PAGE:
Weeli’s Smile, The Revolution
with Katie Abendroth on violin
Rob Dragunas on mandolin
Tony Ashton on bass
Jimbo Williamson on djembe
Joe Dirusso on electric guitar
Dave Saraiva on drums
and Bill Cordaro on acoustic guitar and vocals
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Fear will do that. Hopelessness will do that. When fear is so great that hopelessness becomes desperation,
Excerpt from mayoral campaign speech
Veiled by bastions of volcanic ash, deep in the womb of the lush American desert, the most advanced civilization conspires to the common cosmic good and the survival of the human race. The rewards of evolution, theirs to reap. How my mundane fortune landed me in that golden paradise, worlds away from the money-mongers and city worms, is the story of The Revolution.
Cosmologists piece together fragments of string theory, quarks, bosons,
While physicists try to break down ‘love’
As I grew into my own skin, everything became deadly serious. It was then that we crashed into each other’s lives like comets colliding in the great wide open. The Revolution would have to wait.
It had been four years since I saw her last, yet it was as though no time had passed, as though neither of us had grown or shrunk at all, suffered or celebrated at all. Just as though no time had passed. As I stood outside the McCarthy Federal Building, bag in hand, Iraq on my mind, there she was sparkling with life, light green eyes guarding that splendid, slender face. She lowered a sign that read
“I would’ve never imagined,” she said with a gentle, curious expression.
“Life’s a mystery,” I replied. “I never figured I’d see you again.” I can’t relay what sort of expression I wore at that moment because it was all a haze. I had run the fantasy through my mind countless times. It was different every time. Sometimes with words that said it all. Sometimes without words, just an energy too perfect to refuse. In no version had I imagined I would be carrying a duffle bag, en route to war, while she was promoting weed and protesting…me.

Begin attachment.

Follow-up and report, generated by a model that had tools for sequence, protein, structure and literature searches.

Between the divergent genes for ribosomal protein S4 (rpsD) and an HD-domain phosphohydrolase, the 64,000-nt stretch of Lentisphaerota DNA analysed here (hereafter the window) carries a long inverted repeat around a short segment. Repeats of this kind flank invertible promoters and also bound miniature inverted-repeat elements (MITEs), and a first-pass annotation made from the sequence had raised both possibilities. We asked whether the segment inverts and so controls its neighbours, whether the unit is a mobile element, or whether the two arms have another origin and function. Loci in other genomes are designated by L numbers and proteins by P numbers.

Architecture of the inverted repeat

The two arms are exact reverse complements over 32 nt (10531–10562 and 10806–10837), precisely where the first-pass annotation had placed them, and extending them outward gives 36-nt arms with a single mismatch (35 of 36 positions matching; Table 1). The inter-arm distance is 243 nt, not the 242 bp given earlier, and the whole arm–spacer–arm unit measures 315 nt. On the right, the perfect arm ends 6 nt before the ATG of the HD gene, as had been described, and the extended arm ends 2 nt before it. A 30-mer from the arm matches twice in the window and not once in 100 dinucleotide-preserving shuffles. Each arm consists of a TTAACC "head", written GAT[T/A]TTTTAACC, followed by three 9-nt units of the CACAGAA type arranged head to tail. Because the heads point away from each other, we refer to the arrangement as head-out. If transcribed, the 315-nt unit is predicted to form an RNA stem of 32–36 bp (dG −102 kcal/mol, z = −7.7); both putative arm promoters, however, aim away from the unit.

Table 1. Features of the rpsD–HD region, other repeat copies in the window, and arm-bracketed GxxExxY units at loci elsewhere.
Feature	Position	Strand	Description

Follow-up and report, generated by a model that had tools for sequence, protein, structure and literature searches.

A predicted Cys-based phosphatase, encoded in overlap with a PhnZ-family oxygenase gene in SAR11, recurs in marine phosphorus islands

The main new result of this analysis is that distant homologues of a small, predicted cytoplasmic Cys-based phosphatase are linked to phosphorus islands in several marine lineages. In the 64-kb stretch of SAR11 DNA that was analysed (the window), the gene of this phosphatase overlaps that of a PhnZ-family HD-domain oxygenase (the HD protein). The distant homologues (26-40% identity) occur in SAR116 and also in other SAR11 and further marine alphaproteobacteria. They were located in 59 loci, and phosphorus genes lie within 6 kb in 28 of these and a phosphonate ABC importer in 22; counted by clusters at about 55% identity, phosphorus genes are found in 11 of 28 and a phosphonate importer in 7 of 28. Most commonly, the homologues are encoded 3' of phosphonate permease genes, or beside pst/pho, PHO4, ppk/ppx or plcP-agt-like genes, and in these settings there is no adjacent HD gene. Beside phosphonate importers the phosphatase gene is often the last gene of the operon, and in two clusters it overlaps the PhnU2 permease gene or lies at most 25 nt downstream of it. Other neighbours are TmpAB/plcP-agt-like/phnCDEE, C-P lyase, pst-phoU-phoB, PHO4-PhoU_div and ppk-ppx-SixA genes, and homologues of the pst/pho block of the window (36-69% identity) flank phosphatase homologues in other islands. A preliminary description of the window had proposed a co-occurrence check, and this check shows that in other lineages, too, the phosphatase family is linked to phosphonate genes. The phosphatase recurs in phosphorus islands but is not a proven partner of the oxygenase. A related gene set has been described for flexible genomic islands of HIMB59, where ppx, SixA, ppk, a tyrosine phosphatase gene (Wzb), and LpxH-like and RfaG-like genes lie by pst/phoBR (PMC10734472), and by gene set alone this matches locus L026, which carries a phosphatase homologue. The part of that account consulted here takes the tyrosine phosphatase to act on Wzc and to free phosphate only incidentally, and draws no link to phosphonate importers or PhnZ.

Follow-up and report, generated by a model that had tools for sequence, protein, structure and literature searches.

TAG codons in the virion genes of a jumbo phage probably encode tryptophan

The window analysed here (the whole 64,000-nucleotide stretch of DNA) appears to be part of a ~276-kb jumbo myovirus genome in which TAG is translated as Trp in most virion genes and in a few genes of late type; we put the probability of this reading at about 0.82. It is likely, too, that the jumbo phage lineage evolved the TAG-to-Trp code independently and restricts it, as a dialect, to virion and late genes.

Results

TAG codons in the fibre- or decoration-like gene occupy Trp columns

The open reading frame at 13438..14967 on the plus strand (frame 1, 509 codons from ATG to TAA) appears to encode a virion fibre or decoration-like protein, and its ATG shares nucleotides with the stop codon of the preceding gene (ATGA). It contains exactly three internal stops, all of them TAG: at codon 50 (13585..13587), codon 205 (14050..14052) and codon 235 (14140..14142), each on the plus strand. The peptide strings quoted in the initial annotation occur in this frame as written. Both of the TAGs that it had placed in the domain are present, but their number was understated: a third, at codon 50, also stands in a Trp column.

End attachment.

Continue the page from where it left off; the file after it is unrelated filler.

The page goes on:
Time did not allow the luxury of exchanging philosophies and motives. Instead, she gave me her
When Castaneda wasn’t manipulating women and preaching the virtues of a clean-shaven, hairless body as the ‘way’
One company reported thirty billion in profits over the course of two years during the Iraq War. There are many more companies and many more wars. Economic disparity across the globe is greater than it has ever been in recorded human history. Terrorism has become a norm. Quantum physics, the
When I left for Fort Benning, visions of Sophia haunting me, I wasn’t thinking about stopping the world, income disparity, or revolutions. I was thinking of fighting for my country and my love, Sophia.
We wrote religiously.
Though I believed I loved her once, as much as one can love, it was through those letters that I really fell in love with her ideas, her energy, all of her.
In response to my letters and emails full of Shakespearian romanticism, Sophia responded with Dickinson or Plath. On a particularly vulnerable day, in response to the sweetest of poems, Sophia sent me a taste of her Antarctic Tundra Love.
He put the belt around my life,
I heard the buckle snap,
And turned away, imperial,
My lifetime folding up
Deliberate, as a duke would do
A kingdom’s title-deed,
Henceforth a dedicated sort,
A member of the cloud.
Yet not too far to come at call,
And do the little toils
That make the circuit of the rest,
And deal occasional smiles
To lives that stoop to notice mine,
And kindly ask it in,
Whose invitation, knew you not
For whom I must decline?
Her coalition of blood and flesh was like Cleopatra and Madonna molded together into the body of a five-foot-seven-inch queen whose head rested perfectly beneath my own when we stood together. She was radiant. If the eyes truly say anything about the soul, then she was everything that is true and beautiful.
‘Beauty and truth, truth and beauty.’
Let me not to the marriage of true minds
Admit impediments. Love is not love
Which alters when it alteration finds,
Or bends with the remover to remove.
O no! it is an ever-fixed mark
That looks on tempests and is never shaken;
It is the star to every wandering bark,
Whose worth’s unknown, although his height be taken.
Love’s not Time’s fool, though rosy lips and cheeks
Within his bending sickle’s compass come;
Love alters not with his brief hours and weeks,
But bears it out even to the edge of doom.
If this be error
I never writ, nor no man ever loved.